More than 100 children die of abuse and neglect every year die Two children a week die from abuse

Clare Garner
Monday 15 March 1999 00:02 GMT

UP TO two children die from child abuse or neglect every week in Britain, and many more go unrecorded, according to a report by the NSPCC, the most comprehensive ever into child deaths.

Despite public perceptions, only five or six of the 100-odd annual child murders are committed by strangers. In the majority of cases, the perpetrator is a family member, the children's charity report shows.

The Independent has obtained an early draft of the report "Out of Sight", which is due to be published later this week. It reviews deaths from abuse over the past 25 years, and highlights how the abuse of children and young people remains hidden from society.

One contributor, John Fitzgerald, chief executive of the Bridge Child Care Development Service, wrote: "It is outrageous that over 1,000 children die every decade following abuse and neglect.

"If by developing our knowledge and skills, we could collectively halve the number over the next 10 years, that would mean saving the lives of at least 500 children as well as preventing countless life-threatening or disabling injuries."

The NSPCC report coincides with the launch tomorrow of its nationwide campaign to end cruelty to children within a generation. The "Full Stop" campaign features hard-hitting television advertisements designed to open everyone's eyes to child abuse, and to show that most cruelty to children occurs at home.

Another contributor, Dr Jane Wynne, a leading paediatrician at the Leeds General Infirmary, has identified a strong correlation between social deprivation and the death rate of children under the age of two. The excess mortality in the socially disadvantaged children continues throughout childhood, she claims.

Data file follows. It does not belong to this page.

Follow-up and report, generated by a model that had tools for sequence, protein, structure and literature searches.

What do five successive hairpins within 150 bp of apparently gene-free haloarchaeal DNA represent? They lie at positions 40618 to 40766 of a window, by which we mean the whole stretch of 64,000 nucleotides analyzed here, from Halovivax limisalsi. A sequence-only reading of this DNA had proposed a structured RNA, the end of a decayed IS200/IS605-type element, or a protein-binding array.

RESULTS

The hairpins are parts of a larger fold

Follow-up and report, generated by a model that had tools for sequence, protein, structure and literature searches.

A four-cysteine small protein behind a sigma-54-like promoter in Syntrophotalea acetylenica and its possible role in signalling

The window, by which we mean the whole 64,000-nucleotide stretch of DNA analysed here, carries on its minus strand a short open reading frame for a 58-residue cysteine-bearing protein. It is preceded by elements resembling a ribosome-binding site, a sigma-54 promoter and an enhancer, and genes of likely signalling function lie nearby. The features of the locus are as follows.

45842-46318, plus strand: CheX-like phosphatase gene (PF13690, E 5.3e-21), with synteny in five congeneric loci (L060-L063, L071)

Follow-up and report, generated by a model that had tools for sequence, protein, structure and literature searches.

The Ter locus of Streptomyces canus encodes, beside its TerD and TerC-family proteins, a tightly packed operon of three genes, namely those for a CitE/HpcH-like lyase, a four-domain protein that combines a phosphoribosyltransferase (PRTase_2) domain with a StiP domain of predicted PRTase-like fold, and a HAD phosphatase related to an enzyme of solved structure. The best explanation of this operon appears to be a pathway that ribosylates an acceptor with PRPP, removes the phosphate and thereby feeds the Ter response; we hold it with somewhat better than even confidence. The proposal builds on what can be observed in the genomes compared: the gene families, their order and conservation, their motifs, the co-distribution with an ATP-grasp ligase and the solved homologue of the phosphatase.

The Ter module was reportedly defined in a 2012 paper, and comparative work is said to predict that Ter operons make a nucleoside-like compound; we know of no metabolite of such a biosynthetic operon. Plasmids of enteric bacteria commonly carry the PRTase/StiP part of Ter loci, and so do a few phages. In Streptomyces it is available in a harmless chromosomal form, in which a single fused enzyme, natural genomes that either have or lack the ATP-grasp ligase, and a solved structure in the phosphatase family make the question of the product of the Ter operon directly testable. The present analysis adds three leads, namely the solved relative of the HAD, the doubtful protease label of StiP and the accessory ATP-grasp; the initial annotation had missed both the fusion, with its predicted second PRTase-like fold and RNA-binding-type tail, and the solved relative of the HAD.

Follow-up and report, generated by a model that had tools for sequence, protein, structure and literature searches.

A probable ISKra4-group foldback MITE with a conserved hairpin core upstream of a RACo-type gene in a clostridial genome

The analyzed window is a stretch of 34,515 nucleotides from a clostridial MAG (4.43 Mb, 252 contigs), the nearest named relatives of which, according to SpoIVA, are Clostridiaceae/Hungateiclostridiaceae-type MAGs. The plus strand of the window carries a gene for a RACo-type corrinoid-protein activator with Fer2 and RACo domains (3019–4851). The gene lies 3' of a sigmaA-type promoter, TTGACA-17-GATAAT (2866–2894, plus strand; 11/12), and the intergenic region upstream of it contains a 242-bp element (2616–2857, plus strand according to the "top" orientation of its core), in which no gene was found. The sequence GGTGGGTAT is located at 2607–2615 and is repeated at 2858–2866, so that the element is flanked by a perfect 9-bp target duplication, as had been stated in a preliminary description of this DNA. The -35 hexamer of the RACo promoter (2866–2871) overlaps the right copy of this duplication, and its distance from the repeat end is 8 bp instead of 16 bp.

Children are most at risk of being killed before they reach the age of one (40 per cent), Dr Wynne notes. A further 20 per cent of child murders occur before the age of four, and the remainder occur up to 15.

Forty-nine per cent of child murders are committed by the father, stepfather or partner of the child's mother, according to Dr Wynne's research. Thirty- three per cent are committed by the child's mother, 4 per cent by siblings, and most of the rest by people who are unrelated but provide care to the child.

Dr Wynne, who is an NSPCC trustee, lists some of the reasons given to explain a murder. They include escalating punishment, as part of "domestic violence", an unwanted baby (which may be disabled), a psychotic parent, and as part of child sexual abuse.

The public is ill-informed about the prevalence of child murders by relatives or care-givers because of the media's selective coverage, according to a study carried out this year by the Glasgow Media Group as part of the NSPCC report.

It shows a sharp decline in the volume of media coverage of child deaths between 1980 and 1998 and claims the media is only interested in blaming professionals or strangers, not family members.

Roy Meadow, president of the British Paediatric Society, did an 18-year study of 81 children thought to have died of natural causes but who were killed by their parents. He wrote : "It is a national scandal that we accept a situation in which so many young children die of unknown causes."

The report includes a table of children who died 1973-1998, detailing causes of death as well as the perpetrators.

Child Murders

Between one and two children are killed by care-givers each week

Five to six children are killed by strangers each year

49 per cent of perpetrators are the child's father, stepfather, or mother's partner

33 per cent of perpetrators are the child's mother

4 per cent of perpetrators are siblings

The rest of the perpetrators are unrelated but providing care to the child

40 per cent of deaths due to homicide occur before the age of one

20 per cent of deaths due to homicide occur between ages of one and four

The remainder occur between the ages of five and 15

Statistics compiled by Dr Jane Wynne for the NSPCC report

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